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Updated: June 24, 2014 02:17 IST

Himachal park is now a World Heritage Site

Kanwar Yogendra
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The Great Himalayan National Park is home to many rare flora and fauna.
The Great Himalayan National Park is home to many rare flora and fauna.

“What is noteworthy is that there will be no dislocation of families living in the core park area”

The Great Himalayan National Park (GHNP) in Kullu district of Himachal Pradesh was accorded the Unesco World Heritage Site status on Monday.

The Unesco World Heritage Site Committee at Doha in Qatar granted the status to the park under the criteria of “exceptional natural beauty and conservation of biological diversity.”

The GHNP has now come in the league of Indian World Heritage Sites (WHS) such as the Taj Mahal, Ellora, Kaziranga National Park, Keoladeo National Park, Manas National Park, Nandadevi Biosphere Reserve and the Sunderbans.

Boost for ecotourism

This would help in boosting ecotourism in the hill State, said Forest Minister Thakar Singh Bharmauri. What is noteworthy is that there would be no dislocation of villages or families living in the core park area and their rights had been recognised and would stay protected, he said.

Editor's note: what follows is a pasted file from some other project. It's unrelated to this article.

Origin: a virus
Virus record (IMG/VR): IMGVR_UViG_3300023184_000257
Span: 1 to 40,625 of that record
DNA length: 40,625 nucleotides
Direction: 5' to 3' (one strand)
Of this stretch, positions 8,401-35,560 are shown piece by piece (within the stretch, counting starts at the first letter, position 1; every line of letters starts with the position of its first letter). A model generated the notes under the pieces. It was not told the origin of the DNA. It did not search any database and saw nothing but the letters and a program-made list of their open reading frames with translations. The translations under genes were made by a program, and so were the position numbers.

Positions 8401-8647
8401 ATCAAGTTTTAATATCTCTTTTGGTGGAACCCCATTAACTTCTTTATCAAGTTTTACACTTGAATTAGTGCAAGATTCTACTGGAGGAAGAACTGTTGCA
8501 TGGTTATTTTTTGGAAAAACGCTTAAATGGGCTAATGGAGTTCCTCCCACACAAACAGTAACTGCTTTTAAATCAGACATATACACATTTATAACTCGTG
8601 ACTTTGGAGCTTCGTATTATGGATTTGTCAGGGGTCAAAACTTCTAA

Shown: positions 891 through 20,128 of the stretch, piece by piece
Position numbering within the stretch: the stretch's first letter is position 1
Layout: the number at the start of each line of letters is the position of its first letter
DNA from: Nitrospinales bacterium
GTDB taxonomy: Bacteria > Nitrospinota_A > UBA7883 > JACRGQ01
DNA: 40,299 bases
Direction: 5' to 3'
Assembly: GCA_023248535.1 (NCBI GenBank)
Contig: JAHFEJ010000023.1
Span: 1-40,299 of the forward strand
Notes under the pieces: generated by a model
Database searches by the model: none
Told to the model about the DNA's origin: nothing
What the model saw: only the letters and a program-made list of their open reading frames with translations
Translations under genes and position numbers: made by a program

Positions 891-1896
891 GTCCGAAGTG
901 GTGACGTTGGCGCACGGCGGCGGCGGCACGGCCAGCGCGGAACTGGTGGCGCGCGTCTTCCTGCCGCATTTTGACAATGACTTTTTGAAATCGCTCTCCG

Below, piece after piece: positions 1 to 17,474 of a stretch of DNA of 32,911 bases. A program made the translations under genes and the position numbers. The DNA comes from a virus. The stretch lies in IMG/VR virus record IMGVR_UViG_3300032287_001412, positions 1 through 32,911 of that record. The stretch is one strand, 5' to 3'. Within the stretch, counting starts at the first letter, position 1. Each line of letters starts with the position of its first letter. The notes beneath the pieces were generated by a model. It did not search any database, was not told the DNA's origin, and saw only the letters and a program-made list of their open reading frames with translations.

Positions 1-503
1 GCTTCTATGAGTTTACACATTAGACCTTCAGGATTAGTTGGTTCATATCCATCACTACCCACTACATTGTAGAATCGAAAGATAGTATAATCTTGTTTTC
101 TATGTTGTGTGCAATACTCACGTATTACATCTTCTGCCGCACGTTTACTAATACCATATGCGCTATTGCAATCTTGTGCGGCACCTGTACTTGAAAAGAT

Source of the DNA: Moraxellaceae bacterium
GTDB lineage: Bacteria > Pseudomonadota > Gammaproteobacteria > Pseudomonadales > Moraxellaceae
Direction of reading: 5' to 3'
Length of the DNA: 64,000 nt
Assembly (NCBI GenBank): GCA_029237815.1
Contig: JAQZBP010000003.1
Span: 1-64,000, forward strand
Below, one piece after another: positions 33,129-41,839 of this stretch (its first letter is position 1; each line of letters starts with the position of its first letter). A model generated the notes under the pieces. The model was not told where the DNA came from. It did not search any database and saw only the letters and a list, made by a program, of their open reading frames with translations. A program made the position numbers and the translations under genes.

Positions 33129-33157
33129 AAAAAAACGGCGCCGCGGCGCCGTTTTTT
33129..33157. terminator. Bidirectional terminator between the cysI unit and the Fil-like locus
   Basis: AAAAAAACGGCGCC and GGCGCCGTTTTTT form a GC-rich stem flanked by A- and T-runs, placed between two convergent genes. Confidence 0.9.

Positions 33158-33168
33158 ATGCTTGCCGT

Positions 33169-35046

The Forest Minister said the GHNP was declared a National Park under the Wildlife (Protection Act), 1972, by the Himachal Pradesh government in 1999. A total of 832 plant species, representing 128 families and 427 genera, which cover 26 per cent of the total flora of Himachal Pradesh, have been recorded in the GHNP.

It is also home to a number of threatened species, providing them with habitats critical to their survival. It supports self-sustaining populations of near-threatened, vulnerable and endangered species like leopard, Himalayan Black Bear, Royle’s Vole, Himalayan tahr, Himalayan serow, Himalayan goral, Himalayan musk deer, western tragopan and cheer pheasant. The endangered snow leopard and the critically endangered Red-headed vulture are also present.

According to V.B. Mathur, director of the Wildlife Institute of India, the park has been inscribed under category 10 of the World Heritage Convention that covers areas that “contain the most important and significant natural habitats for in-situ conservation of biological diversity, including those containing threatened species of outstanding universal value from the point of view of science or conservation.” The inscription comes as recognition to the efforts at conserving and managing the unique natural heritage of the country, said a communication from S.K. Khanduri, Inspector-General of Forests (Wildlife), Ministry of Environment and Forests.

(With additional reporting by K.S. Sudhi)

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